A home equity loan is typically secured by the property on which the loan is made. There may be insufficient equity in the property above the home equity loan so that it may in reality be unsecured, but the lien still remains against the property. This means that they still have the ability to foreclose if payments are not made pursuant to contract, but they would take ownership of the property subject to what is owed to any senior mortgages (usually the first mortgage).
In a Chapter 7 bankruptcy case, your discharge will eliminate the obligation to pay on the loan so that if the property is foreclosed on, you will not owe anything further.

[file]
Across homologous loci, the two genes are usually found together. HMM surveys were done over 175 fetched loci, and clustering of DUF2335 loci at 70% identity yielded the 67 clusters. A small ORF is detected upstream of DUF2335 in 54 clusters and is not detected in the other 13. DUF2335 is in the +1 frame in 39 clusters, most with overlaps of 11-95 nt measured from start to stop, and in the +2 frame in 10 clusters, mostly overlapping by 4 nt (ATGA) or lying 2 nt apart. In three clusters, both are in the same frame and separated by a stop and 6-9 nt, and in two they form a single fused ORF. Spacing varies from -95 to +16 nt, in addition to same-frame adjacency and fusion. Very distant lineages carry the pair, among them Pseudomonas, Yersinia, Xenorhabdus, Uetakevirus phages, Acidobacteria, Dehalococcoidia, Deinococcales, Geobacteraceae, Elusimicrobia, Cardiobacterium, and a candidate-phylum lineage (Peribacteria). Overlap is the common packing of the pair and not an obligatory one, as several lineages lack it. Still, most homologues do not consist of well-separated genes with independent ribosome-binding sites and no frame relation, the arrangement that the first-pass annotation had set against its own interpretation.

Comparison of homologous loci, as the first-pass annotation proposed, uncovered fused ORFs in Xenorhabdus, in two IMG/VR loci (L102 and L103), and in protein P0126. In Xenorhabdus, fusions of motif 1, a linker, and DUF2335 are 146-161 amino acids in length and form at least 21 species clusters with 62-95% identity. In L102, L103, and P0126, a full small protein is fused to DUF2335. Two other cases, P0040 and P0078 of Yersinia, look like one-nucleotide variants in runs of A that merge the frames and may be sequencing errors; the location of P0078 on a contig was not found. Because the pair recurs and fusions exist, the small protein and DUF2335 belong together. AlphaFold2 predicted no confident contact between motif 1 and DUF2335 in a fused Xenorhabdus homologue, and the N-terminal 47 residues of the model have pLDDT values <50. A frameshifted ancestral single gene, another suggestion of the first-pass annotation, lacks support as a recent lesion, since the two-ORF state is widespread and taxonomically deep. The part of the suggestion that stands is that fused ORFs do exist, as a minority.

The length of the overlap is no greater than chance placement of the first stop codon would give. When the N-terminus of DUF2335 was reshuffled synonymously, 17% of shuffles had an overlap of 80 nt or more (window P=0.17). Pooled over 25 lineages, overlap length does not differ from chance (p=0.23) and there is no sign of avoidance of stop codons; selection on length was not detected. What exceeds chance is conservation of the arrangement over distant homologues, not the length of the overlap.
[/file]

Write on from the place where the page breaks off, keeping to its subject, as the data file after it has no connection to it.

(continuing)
In a Chapter 13 bankruptcy case, you may be able to additionally remove the lien altogether (this is known as "lien stripping"). Whether you can do this or not depends on the value of the property, the amounts owed to all mortgages and liens and whether it is your principal residence or not.
You should consult with an experienced bankruptcy attorney in your area for more specifics.
Mark Markus has been practicing exclusively bankruptcy law in California since 1991. He is a Certified Specialist in Bankruptcy Law by the State Bar of California Board of Legal Specialization, AV-Rated by martindale.com, and A+ rated by the Better Business Bureau. CONTACT MARK for more information or to schedule an appointment.